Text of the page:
My book, Citizen Scientist: Searching for Heroes and Hope in an Age of Extinction, explains this burgeoning phenomenon. I’ve endeavored to contextualize how nature works by way of geology, climate, non-human species, and of course, Homo sapiens! So, is citizen science the solution? Not quite. We need communities of people to cohere around ecological issues, to use citizen science to document them, and to then pursue protection of nature with local, regional, state, and federal agencies. Citizen science needs organizations like the Women’s Environmental Network!

What can WEN members do?

Currently, citizen science projects fall into two big categories – huge, global, entirely virtual database driven efforts like eBird, and local, discrete, place-based efforts like the California Academy of Science’s tide pool monitoring in Half Moon Bay. To bump citizen science up a notch in efficacy, we need to connect these projects at the local, regional, and continental scales. The way to start that is locally – and WEN, with its distributed membership across all Bay Area counties, could become such a platform, pretty easily.

One way to envision this is to get together WEN members who would like to participate, and see what counties or regions of the Bay Area these folks are from. Then – say there are enough people from San Francisco and the North, East, and South Bays to make four distinct groups. Each group could align itself with a current project going on in its area, or start a new “project” on iNaturalist to document biodiversity in the county.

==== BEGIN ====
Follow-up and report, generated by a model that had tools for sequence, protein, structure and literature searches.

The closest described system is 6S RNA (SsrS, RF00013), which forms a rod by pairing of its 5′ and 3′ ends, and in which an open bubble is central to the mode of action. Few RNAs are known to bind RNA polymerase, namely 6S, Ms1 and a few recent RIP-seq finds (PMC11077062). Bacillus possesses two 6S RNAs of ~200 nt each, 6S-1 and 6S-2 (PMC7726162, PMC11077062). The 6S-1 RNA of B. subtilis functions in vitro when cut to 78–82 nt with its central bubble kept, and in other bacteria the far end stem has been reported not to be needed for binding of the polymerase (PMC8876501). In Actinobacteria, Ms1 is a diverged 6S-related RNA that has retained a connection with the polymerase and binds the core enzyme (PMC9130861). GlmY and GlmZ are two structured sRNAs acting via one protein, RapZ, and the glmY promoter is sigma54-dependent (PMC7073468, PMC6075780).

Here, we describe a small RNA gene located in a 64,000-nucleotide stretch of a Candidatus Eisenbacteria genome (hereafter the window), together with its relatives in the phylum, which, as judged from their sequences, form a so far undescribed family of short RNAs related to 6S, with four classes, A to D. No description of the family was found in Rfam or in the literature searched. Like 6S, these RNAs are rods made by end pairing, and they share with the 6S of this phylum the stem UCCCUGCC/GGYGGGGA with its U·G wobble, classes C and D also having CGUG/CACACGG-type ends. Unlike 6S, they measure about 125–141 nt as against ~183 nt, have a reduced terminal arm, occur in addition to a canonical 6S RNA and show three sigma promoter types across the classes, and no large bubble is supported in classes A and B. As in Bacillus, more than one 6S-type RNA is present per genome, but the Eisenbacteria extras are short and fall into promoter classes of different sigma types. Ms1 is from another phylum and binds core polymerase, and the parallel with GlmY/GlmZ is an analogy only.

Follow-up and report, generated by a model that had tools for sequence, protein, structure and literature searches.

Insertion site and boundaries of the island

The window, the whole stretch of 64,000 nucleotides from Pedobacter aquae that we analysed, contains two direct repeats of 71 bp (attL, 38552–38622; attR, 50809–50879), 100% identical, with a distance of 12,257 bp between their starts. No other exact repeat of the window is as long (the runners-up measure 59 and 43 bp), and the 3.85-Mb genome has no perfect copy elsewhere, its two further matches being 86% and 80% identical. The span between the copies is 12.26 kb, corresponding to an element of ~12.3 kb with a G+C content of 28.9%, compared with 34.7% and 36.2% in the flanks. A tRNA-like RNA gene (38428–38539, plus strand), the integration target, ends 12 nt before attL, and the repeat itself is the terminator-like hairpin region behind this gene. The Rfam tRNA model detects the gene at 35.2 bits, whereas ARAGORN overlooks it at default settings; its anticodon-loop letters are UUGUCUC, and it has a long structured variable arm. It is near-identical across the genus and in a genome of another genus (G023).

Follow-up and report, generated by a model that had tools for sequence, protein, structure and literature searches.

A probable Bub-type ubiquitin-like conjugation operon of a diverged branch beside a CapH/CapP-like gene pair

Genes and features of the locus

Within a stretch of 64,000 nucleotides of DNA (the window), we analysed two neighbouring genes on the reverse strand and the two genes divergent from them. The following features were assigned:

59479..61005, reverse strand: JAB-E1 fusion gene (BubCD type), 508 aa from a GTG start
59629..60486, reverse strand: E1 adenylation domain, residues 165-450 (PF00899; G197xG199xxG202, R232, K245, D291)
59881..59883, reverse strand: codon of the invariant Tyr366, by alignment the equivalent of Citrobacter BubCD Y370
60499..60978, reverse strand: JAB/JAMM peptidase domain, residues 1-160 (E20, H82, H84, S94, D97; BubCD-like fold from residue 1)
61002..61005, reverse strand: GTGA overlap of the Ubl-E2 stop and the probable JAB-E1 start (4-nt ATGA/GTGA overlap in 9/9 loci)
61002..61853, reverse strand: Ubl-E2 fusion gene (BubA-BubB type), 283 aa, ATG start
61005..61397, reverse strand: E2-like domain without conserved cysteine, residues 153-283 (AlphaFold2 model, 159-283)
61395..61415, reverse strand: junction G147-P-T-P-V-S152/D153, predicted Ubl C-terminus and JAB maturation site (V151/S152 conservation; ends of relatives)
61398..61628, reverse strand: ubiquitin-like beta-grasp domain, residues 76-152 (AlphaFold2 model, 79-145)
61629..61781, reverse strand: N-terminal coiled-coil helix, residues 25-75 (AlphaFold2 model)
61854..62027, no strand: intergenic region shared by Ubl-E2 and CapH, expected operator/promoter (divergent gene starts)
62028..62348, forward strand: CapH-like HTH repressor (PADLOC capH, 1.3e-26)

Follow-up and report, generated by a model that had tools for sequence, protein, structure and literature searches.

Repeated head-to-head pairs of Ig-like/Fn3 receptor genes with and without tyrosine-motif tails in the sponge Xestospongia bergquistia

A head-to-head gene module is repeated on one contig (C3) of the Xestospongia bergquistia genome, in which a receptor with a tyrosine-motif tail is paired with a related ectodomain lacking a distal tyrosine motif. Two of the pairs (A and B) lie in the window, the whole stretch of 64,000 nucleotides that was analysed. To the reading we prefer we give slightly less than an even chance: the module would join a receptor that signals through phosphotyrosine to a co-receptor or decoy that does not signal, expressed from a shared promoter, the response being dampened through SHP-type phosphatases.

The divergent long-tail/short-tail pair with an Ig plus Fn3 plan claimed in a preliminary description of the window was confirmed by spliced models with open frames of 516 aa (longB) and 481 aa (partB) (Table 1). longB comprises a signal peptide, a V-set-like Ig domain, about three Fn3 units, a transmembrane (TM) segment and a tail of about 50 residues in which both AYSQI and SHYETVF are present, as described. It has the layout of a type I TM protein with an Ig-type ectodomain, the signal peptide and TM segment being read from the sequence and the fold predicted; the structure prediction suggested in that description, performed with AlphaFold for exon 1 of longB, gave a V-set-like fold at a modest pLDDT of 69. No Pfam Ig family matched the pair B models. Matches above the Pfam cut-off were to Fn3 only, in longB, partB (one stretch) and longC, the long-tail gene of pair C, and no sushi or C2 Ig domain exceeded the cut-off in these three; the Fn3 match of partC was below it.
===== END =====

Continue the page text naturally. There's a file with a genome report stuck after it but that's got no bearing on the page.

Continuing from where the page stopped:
Let’s say people wanted to join projects that are ongoing at our signature mountains – Tam, Diablo, Hamilton, and for San Francisco, let’s say the Presidio. The WEN website could host links to each of these efforts so people could browse what’s going on in different regions and compare notes.

The critical parts of this are to take data using established and vetted protocols like iNaturalist, and to connect socially about the experience. Citizen science is a networking phenomenon that hasn’t quite taken advantage of its own capacity to help form communities of like-minded people – and the only way for us to really save nature is to join together to do it. I would be very happy to brainstorm more ideas and help them get going. WEN has an immense built-in capacity to do something that hasn’t been done before.

If that all sounds like too much to begin with, okay! There are many citizen science projects in the Bay Area for WEN members to get involved with individually – a database of offerings can be browsed on the California Naturalist website.

About this month’s guest writer

Mary Ellen Hannibal is a long-time journalist focused on natural history and literature. Her most recent book, Citizen Scientist: Searching for Heroes and Hope in an Age of Extinction, was named one of 2016’s best non-fiction books by the San Francisco Chronicle. She is a recipient of the National Association of Science Writer’s Science and Society Award, among other honors, and is currently a Stanford media fellow. You can learn more about Mary Ellen in this month’s WEN Spotlight feature.